Out of My Skin
by John Haskell
Farrar, Straus and Giroux, 211 pp., $14.00 (paper)
John Haskell’s new novel has what seems a comic premise. A man meets and courts a woman while pretending to be the comedian Steve Martin. Pretending is perhaps the wrong word; Jack, the narrator, is not assuming a fraudulent identity, but simply imagining, when he goes on dates, that he is Steve Martin. His impersonation is so discreet that most of his interlocutors don’t know that he’s doing it. Jack pretends to be Steve Martin because it makes him feel less self-conscious and inhibited in social situations. He has little interest in Martin himself—he barely knows his work—but is inspired by a professional Steve Martin impersonator, Scott, whom he gets to know in the course of writing an article on celebrity impersonators.
If the story sounds odd in summary, it’s even odder in the reading. The problem of feeling uncomfortable in one’s skin is usually plumbed by a particular kind of narrator. Vibrant, voluble, quick-witted, and funny in his descriptions of his own suffering, he (it is usually a he) seems to pour all the energy of his psychic conflict and foiled ambitions into his story, and somehow to sublimate frustration into eloquence. His outsized voice has the agility and charm that his social persona or romantic attempts might lack, and his narration is the solace, if not the revenge, for his social awkwardness or exclusion. He could be Alexander Portnoy or Martin Amis’s Charles Highway or, in more recent novels, the heroes of Sam Lipsyte’s Home Land or Gary Shteyngart’s Absurdistan.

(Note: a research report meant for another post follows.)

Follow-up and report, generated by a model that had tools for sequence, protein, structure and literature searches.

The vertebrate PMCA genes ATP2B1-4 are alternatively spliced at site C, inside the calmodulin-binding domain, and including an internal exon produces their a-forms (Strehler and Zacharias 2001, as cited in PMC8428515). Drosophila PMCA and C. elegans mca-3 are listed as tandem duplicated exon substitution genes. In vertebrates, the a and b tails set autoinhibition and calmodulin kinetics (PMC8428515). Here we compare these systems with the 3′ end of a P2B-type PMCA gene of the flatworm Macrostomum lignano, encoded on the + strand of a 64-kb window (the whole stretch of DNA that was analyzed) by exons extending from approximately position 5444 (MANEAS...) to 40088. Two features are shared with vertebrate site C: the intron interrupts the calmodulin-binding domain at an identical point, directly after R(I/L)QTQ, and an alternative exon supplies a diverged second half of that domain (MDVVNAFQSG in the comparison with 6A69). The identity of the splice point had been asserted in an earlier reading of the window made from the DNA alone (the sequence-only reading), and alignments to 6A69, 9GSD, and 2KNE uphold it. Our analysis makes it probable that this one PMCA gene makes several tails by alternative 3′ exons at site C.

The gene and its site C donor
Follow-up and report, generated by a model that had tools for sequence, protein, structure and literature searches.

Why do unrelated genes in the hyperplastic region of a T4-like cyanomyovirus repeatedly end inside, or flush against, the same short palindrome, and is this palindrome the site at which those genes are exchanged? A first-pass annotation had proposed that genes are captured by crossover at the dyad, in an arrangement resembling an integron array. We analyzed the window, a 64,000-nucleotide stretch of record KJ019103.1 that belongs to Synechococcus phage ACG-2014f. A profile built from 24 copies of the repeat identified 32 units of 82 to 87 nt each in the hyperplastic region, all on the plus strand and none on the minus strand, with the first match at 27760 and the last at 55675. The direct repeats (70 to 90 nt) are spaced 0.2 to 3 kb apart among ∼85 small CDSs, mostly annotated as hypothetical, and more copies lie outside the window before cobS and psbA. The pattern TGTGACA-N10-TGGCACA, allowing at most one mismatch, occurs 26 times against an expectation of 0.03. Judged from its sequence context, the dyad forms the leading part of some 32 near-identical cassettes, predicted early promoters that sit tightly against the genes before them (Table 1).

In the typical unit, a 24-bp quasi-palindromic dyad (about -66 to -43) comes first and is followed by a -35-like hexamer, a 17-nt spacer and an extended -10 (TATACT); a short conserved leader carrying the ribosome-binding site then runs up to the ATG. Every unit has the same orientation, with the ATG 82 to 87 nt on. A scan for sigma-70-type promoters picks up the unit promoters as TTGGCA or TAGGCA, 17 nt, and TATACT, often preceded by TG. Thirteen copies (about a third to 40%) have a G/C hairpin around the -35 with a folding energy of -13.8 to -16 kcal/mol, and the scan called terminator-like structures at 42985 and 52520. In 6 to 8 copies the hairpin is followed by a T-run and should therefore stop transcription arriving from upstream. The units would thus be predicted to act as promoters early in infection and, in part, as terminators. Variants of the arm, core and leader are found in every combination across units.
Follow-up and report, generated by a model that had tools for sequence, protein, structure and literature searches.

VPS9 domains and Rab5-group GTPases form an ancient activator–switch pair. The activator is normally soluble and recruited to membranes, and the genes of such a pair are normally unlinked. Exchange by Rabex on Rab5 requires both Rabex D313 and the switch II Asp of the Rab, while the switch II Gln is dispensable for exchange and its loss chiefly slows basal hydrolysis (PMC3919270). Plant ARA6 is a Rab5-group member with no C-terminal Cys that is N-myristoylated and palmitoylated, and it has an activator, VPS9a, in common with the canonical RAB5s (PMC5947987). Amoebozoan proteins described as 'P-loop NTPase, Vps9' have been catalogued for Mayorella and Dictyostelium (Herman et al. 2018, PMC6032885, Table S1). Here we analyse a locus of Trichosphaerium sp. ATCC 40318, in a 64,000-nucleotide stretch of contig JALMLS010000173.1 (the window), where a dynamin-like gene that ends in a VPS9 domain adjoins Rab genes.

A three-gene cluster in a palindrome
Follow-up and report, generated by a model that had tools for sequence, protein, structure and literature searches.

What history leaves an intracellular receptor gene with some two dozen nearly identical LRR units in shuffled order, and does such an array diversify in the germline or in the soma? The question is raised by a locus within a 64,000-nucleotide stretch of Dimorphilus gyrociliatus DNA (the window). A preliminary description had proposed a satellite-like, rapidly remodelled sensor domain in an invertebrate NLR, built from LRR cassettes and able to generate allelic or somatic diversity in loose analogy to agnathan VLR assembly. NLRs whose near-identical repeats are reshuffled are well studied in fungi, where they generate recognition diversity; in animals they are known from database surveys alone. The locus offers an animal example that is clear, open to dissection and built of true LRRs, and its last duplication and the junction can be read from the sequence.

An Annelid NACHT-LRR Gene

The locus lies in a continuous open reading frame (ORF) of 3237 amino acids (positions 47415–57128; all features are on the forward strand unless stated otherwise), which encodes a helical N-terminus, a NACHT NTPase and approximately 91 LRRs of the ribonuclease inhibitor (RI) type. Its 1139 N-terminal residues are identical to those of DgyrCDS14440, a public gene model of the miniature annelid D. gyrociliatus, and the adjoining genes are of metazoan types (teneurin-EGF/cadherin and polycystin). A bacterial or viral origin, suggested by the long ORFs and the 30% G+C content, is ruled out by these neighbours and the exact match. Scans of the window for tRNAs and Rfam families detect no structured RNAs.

But Haskell’s narrator is different. He is not exuberant or charismatic, exactly, though his voice is certainly distinctive. And while he might occasionally say something funny, he doesn’t seem to care about charming us with his wit. Jack is a writer and journalist, but oddly, for a writer, he seems unsure of himself from the first sentence:
What happened to me was—not me, but what happened—I’m from New York originally and I moved to Los Angeles to write about movies.
The stumble, the false start, the clumsy obfuscation of the “me”: this narrator does not quite have purchase on the story he’s telling. With his jittery repetitions and simple syntax, he sounds like someone trying to sort out a series of baffling events while talking himself down from a near-constant state of anxiety. Soon after he moves to L.A., Jack’s friend Alan, a slick Los Angeles Times editor, introduces him to an attractive former dancer named Jane:
I’d come to Los Angeles knowing only two people, and one of them was Alan, and this woman was an acquaintance of his, someone he wanted to be an acquaintance of mine, a romantic acquaintance. And although I also wanted that, I was still slightly uncomfortable jumping into the ocean of romance. That’s what it seemed like, an ocean, and …